The results regarding use of the tool were inconclusive as the outcomes differed per research method. The self-reported rates of adherence collected by means of the survey, in the last suspected case and corrected for intentional non-adherence, varied between 84% and 100% in the control group, and between 96% and 100% in the intervention group. The record analysis of 152 suspected cases revealed similarly high scores, except for the activity ‘risk assessment based on protective and risk factors’. When only those 55 cases were included in which preventive child healthcare had to act themselves, as they developed concerns themselves, adherence rates were but not significantly lower for two activities in the control group: ‘Consultation of the in-house CAN expert’ (47% in the control group and 76% in the intervention group) and ‘Consultation of the Advice and Reporting Centre’ (65% in the control group and 66% in the intervention group). No effects of the computerised support tool on guideline adherence were detected. The support tool showed that professionals in the intervention group spent on average 38 minutes less on seeking relevant guideline information than professionals in the control group. However, given the high adherence scores and small number of useful questionnaires, this substantial difference failed to reach statistical significance.
Conclusion and discussion
In Chapter 7, the implications of the main findings of the five studies are discussed. When measuring guideline adherence, it is important to take into account valid reasons to intentionally not adhere to guideline recommendations. Distinguishing between reasons for non-adherence that are intentional and valid, and non-intentional reasons, is essential for the interpretation of research findings on guideline adherence. This chapter includes a proposal for a uniform glossary about terms and definitions regarding guideline adherence.
The study findings presented in this thesis offer multiple directions to better safeguard children in the future. The outcomes regarding factors affecting professionals’ response to suspicions of child abuse and neglect provide strategies for individual organisations to focus their implementation activities on specific modifiable factors, to help professionals’ overcome their barriers to respond to possible child abuse and neglect.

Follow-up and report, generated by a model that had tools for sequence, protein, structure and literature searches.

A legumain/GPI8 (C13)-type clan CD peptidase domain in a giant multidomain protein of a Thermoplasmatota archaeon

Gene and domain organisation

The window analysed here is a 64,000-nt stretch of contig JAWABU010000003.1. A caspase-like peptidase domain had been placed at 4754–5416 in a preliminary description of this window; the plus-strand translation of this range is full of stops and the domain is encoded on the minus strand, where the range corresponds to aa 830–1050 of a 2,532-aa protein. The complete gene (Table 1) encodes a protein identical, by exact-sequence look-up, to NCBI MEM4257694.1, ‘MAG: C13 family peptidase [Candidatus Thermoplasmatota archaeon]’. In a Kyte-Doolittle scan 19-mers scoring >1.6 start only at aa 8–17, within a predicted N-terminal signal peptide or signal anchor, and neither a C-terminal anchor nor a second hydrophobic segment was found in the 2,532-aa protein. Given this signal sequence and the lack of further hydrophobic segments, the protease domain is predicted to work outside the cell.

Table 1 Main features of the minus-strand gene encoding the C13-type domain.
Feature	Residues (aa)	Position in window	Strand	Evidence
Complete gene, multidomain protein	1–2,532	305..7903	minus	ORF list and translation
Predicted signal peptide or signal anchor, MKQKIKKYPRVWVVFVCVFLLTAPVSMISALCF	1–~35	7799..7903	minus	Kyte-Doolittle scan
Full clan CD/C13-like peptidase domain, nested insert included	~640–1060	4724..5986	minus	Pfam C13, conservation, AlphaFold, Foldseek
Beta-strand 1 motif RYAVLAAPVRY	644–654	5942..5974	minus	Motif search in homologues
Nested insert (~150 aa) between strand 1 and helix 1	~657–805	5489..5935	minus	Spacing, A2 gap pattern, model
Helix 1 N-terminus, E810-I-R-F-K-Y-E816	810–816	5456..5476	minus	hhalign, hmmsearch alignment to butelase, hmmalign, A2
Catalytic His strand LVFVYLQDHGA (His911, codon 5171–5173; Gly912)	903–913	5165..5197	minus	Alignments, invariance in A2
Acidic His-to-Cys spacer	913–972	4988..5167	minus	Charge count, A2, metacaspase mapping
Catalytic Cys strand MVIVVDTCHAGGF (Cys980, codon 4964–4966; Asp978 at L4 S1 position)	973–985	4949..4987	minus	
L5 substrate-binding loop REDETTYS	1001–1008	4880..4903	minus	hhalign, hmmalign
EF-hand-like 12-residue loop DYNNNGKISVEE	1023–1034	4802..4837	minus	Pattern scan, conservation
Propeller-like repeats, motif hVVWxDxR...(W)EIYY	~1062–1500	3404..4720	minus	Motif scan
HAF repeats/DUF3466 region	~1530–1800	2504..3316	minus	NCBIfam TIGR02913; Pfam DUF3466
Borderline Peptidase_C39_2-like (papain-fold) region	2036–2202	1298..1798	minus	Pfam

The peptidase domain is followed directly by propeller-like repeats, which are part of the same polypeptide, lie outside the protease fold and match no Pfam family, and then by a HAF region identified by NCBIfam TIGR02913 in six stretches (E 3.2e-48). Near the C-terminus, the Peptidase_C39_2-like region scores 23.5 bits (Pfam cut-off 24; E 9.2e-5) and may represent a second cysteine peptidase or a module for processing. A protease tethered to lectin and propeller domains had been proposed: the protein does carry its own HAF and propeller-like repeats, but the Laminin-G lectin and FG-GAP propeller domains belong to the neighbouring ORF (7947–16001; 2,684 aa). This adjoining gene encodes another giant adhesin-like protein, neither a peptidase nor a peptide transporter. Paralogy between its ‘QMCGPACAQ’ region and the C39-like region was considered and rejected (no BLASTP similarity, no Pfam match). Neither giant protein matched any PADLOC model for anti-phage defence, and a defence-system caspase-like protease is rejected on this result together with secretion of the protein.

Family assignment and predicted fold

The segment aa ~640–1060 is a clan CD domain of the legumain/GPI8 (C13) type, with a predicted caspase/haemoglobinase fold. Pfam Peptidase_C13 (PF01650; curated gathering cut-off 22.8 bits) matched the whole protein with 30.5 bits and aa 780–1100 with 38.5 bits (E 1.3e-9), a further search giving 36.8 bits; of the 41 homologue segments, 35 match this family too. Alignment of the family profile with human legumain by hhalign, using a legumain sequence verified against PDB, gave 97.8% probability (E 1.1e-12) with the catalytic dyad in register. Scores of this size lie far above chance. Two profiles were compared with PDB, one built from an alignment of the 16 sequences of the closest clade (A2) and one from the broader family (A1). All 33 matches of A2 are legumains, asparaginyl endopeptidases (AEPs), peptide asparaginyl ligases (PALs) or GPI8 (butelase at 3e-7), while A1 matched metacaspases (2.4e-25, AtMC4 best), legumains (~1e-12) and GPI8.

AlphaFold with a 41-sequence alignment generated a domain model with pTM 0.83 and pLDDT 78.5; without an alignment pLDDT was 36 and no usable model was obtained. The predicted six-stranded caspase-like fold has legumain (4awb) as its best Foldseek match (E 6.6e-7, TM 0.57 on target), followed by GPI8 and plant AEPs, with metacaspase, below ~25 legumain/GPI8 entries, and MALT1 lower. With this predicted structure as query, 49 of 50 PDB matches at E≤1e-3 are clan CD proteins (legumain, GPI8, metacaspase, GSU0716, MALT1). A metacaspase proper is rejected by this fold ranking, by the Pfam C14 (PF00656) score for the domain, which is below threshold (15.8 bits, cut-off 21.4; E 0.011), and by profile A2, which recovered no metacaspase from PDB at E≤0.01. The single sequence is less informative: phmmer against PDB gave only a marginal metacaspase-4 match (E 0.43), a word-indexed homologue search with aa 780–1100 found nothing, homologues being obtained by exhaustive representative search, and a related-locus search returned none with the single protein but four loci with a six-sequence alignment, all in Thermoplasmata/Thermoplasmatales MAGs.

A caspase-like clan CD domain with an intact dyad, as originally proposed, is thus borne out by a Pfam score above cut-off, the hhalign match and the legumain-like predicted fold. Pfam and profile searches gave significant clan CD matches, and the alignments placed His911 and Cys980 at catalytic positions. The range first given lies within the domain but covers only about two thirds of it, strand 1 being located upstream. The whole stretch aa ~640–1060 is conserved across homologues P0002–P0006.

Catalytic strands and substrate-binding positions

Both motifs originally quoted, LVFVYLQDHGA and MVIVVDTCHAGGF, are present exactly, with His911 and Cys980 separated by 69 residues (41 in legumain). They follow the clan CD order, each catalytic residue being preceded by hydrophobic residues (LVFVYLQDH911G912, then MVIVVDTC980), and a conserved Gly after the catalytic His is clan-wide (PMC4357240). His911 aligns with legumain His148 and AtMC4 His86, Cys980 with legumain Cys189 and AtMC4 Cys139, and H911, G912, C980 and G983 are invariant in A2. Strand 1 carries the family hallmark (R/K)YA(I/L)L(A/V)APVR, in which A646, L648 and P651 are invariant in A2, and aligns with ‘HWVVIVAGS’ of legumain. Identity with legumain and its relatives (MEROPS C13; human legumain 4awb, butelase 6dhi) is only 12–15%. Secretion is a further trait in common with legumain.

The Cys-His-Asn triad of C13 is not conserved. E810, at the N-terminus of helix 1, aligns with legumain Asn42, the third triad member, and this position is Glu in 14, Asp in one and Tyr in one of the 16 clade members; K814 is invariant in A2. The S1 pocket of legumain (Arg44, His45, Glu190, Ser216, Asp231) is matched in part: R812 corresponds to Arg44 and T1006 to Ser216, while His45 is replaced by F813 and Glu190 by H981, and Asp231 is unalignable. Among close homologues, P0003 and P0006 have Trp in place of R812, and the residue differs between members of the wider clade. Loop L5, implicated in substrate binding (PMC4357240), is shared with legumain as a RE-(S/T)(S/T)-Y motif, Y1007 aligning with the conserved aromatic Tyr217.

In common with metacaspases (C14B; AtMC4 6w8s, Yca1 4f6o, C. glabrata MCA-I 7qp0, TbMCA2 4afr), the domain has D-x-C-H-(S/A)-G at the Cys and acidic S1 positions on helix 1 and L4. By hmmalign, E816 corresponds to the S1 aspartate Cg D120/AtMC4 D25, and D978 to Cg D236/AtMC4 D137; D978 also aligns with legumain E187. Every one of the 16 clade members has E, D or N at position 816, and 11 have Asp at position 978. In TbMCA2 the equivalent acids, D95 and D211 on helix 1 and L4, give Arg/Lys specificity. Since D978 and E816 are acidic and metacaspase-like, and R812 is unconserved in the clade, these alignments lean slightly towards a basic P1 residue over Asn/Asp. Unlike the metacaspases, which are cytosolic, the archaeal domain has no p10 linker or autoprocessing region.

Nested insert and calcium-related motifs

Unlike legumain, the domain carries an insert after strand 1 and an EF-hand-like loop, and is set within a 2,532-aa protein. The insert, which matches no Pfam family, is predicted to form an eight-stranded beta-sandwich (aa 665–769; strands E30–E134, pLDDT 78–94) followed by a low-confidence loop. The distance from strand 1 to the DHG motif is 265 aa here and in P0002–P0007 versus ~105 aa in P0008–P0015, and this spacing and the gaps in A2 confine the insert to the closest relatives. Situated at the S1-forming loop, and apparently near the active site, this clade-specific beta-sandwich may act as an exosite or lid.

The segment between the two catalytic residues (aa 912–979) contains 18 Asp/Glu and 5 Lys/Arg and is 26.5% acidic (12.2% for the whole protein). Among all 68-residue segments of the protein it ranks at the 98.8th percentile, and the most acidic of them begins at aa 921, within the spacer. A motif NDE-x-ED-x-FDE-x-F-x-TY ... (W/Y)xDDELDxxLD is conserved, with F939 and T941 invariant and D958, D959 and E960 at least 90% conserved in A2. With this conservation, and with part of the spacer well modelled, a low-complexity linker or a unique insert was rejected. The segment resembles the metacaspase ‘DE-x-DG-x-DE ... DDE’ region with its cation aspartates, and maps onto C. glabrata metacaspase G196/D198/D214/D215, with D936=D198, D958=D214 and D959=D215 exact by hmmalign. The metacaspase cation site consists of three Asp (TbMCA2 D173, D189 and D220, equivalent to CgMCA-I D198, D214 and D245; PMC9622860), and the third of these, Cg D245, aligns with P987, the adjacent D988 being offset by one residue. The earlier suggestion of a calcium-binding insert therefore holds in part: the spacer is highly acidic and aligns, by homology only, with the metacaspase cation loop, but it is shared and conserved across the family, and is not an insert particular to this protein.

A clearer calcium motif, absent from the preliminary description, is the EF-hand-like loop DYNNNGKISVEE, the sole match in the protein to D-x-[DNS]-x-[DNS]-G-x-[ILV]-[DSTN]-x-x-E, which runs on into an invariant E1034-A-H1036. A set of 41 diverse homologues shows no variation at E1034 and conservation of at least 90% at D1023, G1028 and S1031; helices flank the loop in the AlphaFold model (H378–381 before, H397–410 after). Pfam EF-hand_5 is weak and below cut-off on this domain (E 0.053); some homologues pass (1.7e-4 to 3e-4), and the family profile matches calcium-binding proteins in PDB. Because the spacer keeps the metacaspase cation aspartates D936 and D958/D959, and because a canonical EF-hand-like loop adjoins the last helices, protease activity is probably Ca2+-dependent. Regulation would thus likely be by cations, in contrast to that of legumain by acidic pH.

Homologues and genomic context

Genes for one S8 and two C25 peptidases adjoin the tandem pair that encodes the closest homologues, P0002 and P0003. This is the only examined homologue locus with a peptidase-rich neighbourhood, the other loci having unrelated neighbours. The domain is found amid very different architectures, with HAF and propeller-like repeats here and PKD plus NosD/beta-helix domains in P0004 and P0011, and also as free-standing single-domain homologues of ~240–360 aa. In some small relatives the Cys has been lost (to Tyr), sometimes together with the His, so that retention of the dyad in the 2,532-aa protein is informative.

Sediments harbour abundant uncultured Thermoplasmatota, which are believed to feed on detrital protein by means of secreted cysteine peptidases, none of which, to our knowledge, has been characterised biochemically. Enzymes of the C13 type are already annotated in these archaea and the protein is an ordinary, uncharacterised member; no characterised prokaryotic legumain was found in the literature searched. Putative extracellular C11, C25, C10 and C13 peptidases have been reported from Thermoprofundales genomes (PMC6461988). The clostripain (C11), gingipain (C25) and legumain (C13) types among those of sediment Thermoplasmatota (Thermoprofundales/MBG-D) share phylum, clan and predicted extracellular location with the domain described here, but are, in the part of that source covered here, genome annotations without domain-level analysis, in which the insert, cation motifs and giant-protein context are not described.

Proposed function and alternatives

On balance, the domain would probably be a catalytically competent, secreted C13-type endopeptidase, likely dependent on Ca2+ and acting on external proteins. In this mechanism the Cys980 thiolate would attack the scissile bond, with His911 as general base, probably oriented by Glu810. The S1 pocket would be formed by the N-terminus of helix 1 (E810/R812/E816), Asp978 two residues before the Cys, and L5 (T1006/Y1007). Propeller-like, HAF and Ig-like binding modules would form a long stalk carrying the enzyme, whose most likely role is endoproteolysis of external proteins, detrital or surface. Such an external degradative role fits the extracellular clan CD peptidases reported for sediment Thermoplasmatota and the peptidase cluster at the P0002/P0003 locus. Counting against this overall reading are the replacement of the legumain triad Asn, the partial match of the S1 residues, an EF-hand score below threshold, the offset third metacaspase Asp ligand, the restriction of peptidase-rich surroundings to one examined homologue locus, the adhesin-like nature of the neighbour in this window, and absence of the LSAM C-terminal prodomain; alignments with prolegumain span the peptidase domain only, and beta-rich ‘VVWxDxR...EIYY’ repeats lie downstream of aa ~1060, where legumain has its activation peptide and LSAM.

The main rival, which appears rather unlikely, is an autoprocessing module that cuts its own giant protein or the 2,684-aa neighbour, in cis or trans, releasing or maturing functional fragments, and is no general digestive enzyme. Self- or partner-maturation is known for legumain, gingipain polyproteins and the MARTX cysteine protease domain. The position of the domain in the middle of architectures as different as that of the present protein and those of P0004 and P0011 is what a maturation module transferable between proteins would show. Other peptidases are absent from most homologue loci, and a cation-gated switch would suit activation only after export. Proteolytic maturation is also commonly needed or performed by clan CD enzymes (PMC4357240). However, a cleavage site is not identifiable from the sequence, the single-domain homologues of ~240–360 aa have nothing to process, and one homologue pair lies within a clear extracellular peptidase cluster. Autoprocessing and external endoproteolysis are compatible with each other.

Next to these recommendations for practice, multiple directions for policy are provided. Child-serving organisations should be more strongly motivated to appoint in-house child abuse and neglect experts, ánd to provide them with enough preconditions to fulfil their role adequately, including sufficient time for consultation, training and time to report to boards. As legislation can be an important tool in standardising practices, and to provide every Dutch child-serving professional with the opportunity to consult an expert in their organisation, it is recommended to oblige organisations that fall under the Mandatory Reporting Code Domestic Violence and Child Abuse Act to appoint at least one trained in-house expert. Furthermore, the Health and Youth Care Inspectorate could put more emphasis on this activity by including it as one of the focus points in their supervisions. Furthermore, future efforts to safeguard children should focus on strengthening relationships between individual professionals that work with the same children and families, for example by structural meetings between child-serving organisations regarding the prevention of child abuse and neglect. Also, it is recommended that maternity care organisations position themselves as a valuable source of client information when young infants are involved.
Several suggestions are provided for future research. As the effects of the computerised guideline support tool on guideline adherence were inconclusive, further research could investigate other aspects of the tool. For example, the tool provided clear instructions on how to register suspicions of abuse and neglect in the electronic child health record. Further research could focus on if and how a computerised guideline support tool can contribute to more uniform registrations. Also, new research could study how preventive child healthcare professionals’ experience the various components of the tool. Furthermore, the developments regarding technology to improve the quality and safety of health care provide new and promising opportunities for the future of safeguarding children.